That year, once more flying her faithful Vega which Earhart had tagged “old Bessie, the fire horse,”[N 12] she soloed from Los Angeles to Mexico City on April 19. The next record attempt was a nonstop flight from Mexico City to New York. Setting off on May 8, her flight was uneventful although the large crowds that greeted her at Newark, New Jersey, were a concern as she had to be careful not to taxi into the throng.
Earhart again participated in long-distance air racing, placing fifth in the 1935 Bendix Trophy Race, the best result she could manage considering that her stock Lockheed Vega topping out at 195 mph (314 km/h) was outclassed by purpose-built air racers which reached more than 300 mph (480 km/h). The race had been a particularly difficult one as one competitor, Cecil Allen, died in a fiery takeoff mishap and rival Jacqueline Cochran was forced to retire due to mechanical problems, the “blinding fog”, and violent thunderstorms that plagued the race.
Between 1930 and 1935, Earhart had set seven women’s speed and distance aviation records in a variety of aircraft including the Kinner Airster, Lockheed Vega, and Pitcairn Autogiro. By 1935, recognizing the limitations of her “lovely red Vega” in long, transoceanic flights, Earhart contemplated, in her own words, a new “prize… one flight which I most wanted to attempt – a circumnavigation of the globe as near its waistline as could be.”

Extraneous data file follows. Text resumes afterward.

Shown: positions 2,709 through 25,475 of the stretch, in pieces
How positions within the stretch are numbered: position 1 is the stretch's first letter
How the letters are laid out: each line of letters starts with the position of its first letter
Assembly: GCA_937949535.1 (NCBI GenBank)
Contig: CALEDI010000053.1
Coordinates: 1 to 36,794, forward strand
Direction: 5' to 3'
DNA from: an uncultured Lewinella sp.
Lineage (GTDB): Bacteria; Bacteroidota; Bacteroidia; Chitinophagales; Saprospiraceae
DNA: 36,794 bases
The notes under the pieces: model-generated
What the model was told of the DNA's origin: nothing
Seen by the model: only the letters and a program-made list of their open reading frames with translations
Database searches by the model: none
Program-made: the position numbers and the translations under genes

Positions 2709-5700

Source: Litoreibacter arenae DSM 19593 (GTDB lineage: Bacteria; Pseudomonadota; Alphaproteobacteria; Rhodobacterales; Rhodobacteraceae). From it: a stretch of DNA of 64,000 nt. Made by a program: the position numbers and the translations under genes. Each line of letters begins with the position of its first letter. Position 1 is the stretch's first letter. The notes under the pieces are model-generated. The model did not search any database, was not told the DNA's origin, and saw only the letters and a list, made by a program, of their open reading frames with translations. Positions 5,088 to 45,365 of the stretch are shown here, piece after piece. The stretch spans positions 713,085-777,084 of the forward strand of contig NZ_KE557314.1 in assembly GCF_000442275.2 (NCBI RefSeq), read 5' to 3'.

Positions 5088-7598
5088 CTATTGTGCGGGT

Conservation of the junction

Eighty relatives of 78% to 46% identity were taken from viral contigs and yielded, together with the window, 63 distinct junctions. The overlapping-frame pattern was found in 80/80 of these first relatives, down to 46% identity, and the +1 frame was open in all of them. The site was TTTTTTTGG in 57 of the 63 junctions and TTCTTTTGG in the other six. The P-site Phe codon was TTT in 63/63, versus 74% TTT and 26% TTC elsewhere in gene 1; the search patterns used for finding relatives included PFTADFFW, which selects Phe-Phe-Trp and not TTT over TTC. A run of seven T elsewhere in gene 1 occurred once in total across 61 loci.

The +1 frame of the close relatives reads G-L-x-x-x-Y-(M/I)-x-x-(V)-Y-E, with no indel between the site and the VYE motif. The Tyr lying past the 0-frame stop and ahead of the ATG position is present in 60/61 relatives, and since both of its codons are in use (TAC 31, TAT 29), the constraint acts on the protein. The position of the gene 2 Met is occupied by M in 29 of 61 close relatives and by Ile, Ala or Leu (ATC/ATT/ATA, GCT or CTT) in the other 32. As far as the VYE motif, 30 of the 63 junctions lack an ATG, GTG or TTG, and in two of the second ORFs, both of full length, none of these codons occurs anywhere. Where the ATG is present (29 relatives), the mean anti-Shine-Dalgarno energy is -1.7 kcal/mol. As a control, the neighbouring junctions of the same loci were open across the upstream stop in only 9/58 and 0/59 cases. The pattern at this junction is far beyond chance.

Accepting a position as associate editor at Cosmopolitan magazine, she turned this forum into an opportunity to campaign for greater public acceptance of aviation, especially focusing on the role of women entering the field. In 1929, Earhart was among the first aviators to promote commercial air travel through the development of a passenger airline service; along with Charles Lindbergh, she represented Transcontinental Air Transport (TAT) and invested time and money in setting up the first regional shuttle service between New York and Washington, DC. (TAT later became TWA). She was a Vice President of National Airways, which conducted the flying operations of the Boston-Maine Airways and several other airlines in the northeast. By 1940, it had become Northeast Airlines.
Earhart joined the faculty of Purdue University in 1935 as a visiting faculty member to counsel women on careers and as a technical advisor to the Department of Aeronautics. Early in 1936, Earhart started to plan a round-the-world flight. Not the first to circle the globe, it would be the longest at 29,000 miles (47,000 km), following a grueling equatorial route. With financing from Purdue, in July 1936, a Lockheed Electra 10E was built at Lockheed Aircraft Company to her specifications which included extensive modifications to the fuselage to incorporate a large fuel tank. Earhart dubbed the twin engine monoplane airliner her “flying laboratory” and hangared it at Mantz’s United Air Services located just across the airfield from Lockheed’s Burbank, California plant in which it had been built.
Although the Electra was publicized as a “flying laboratory”, little useful science was planned and the flight was arranged around Earhart’s intention to circumnavigate the globe along with gathering raw material and public attention for her next book. Her first choice as navigator was Captain Harry Manning, who had been the captain of the President Roosevelt, the ship that had brought Earhart back from Europe in 1928.